This past week, Nevada Outdoor School completed our inaugural backpacking adventure with three 15-year-old teens on Soldier Creek Trail into Soldier Meadows in the Ruby Mountains. Throughout the hike the wildflowers were out in force, and we quickly lost count of the number of species when we ran out of fingers to count on. Yellows, whites, blues, reds, and purples, with many shades and colors in-between, the vibrancy and diversity was stunning!
We observed how the diversity also varied as we traversed through different ecosystems (biological community interacting with its physical environment). Aspen groves along the stream, near naked ridge tops, and spring-fed meadows each hosted species that were unique to each environment. Other species appeared to be ubiquitous, or appearing wherever we tread. Wildflowers are an important component of a healthy environment. Wildflowers are genetically created to thrive in the present conditions in which they exist and they do not require any human interaction or input. This is quite a hit for the human ego; many humans like to think all things need a human touch. The diversity observed in the wildflower populations in the Ruby Mountains also remind us that Mother Nature is not into monocultures (a single species) but instead demands variety.
While wildflowers are a wondrous visual treat for our eyes and sometimes our noses, they are not just a thing of beauty. They also provide a habitat as a source of food and shelter for pollinators, insects, and other wildlife that are needed for a functional ecosystem. Wildflowers also help to prevent erosion. They also play a role in the carbon, nitrogen, oxygen, and water cycles. Because wildflowers are genetically created for an environment, they tend to be naturally tolerate to disease and pests. Unfortunately, however, many invasive plant species cause the demise or loss of wildflower species. Due to aggressive competition for resources (nutrients and water), invasive species threaten an environment because they alter the ecosystem, which in turn will impact the native species and a loss of biodiversity.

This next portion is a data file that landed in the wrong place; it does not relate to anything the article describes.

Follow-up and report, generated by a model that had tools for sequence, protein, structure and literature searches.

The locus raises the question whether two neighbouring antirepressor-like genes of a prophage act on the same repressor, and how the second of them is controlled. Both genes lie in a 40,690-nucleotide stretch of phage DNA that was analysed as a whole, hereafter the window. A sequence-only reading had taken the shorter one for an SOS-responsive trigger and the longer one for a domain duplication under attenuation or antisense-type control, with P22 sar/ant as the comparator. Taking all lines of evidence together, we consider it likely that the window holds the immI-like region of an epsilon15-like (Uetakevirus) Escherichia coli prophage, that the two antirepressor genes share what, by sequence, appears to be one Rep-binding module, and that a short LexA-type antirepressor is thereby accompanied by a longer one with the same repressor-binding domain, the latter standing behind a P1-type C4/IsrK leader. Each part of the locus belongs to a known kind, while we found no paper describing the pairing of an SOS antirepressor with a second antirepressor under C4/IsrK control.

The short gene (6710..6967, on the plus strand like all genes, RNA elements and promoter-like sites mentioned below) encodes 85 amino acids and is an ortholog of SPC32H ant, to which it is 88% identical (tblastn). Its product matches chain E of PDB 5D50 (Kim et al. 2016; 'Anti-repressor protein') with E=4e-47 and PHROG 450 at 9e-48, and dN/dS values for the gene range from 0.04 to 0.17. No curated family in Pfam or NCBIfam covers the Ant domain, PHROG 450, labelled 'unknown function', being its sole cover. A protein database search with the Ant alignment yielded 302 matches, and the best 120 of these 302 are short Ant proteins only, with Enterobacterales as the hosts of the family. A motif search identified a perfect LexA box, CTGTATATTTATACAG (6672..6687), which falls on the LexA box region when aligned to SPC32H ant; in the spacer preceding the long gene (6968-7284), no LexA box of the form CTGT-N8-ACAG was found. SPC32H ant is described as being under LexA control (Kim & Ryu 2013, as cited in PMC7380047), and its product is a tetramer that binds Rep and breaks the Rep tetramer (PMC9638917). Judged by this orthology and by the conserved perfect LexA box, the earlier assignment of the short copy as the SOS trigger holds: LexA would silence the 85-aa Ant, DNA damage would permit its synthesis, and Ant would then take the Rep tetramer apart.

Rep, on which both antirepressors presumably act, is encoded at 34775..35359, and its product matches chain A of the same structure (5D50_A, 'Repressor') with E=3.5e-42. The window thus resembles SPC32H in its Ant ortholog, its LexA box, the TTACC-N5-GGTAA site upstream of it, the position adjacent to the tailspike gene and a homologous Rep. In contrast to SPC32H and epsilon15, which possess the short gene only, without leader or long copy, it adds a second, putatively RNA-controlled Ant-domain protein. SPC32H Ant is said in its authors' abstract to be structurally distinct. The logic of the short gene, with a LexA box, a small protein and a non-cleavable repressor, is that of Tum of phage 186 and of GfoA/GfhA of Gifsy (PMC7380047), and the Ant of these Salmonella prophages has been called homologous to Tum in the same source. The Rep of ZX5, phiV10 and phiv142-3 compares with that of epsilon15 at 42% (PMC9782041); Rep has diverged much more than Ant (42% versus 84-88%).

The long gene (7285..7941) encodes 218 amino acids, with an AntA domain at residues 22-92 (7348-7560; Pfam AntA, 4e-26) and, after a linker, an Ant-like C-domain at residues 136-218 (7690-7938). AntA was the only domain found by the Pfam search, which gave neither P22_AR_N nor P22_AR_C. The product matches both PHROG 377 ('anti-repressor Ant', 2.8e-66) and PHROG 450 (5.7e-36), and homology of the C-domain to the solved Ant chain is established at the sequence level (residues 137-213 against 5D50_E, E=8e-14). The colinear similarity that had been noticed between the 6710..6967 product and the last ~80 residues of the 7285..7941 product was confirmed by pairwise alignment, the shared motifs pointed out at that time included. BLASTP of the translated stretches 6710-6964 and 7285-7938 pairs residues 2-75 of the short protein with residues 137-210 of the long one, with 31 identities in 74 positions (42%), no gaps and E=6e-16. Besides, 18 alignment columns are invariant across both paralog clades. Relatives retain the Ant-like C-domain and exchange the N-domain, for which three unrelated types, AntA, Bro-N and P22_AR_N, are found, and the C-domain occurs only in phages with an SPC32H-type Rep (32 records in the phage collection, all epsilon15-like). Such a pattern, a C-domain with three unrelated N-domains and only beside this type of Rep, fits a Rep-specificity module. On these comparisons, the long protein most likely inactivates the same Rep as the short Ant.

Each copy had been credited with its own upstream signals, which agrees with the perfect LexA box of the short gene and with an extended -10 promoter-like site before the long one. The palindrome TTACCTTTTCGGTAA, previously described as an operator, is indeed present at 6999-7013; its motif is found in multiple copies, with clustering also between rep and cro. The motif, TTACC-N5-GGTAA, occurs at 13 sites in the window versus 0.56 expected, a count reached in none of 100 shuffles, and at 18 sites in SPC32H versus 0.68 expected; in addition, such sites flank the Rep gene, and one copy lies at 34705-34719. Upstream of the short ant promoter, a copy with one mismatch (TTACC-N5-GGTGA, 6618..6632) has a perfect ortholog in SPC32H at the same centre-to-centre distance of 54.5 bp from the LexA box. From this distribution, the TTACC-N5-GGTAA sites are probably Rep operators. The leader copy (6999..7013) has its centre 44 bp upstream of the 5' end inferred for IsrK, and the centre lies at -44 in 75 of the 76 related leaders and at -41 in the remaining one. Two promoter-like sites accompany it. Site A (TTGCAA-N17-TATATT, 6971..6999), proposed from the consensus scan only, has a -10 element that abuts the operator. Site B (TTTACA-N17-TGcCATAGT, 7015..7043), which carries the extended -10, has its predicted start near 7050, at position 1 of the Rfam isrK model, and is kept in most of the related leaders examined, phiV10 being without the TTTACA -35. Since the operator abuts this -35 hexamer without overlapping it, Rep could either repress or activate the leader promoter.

This is the time of year to get outside on your favorite trail and appreciate the wildflowers, allowing your eyes and nose a feast on color and smell! Remember to leave the beauty for others to enjoy, and not disturb a natural home, by taking only pictures of the blooms, or sketching them in a notebook with color pencils or markers. Creating your own local field guide is an activity that the whole family can be involved with. What you create becomes something that can be passed down through the generations. Think of the conversations that could be spurred by reviewing Grandpa Joe’s natural record from days gone by. Get outside and enjoy!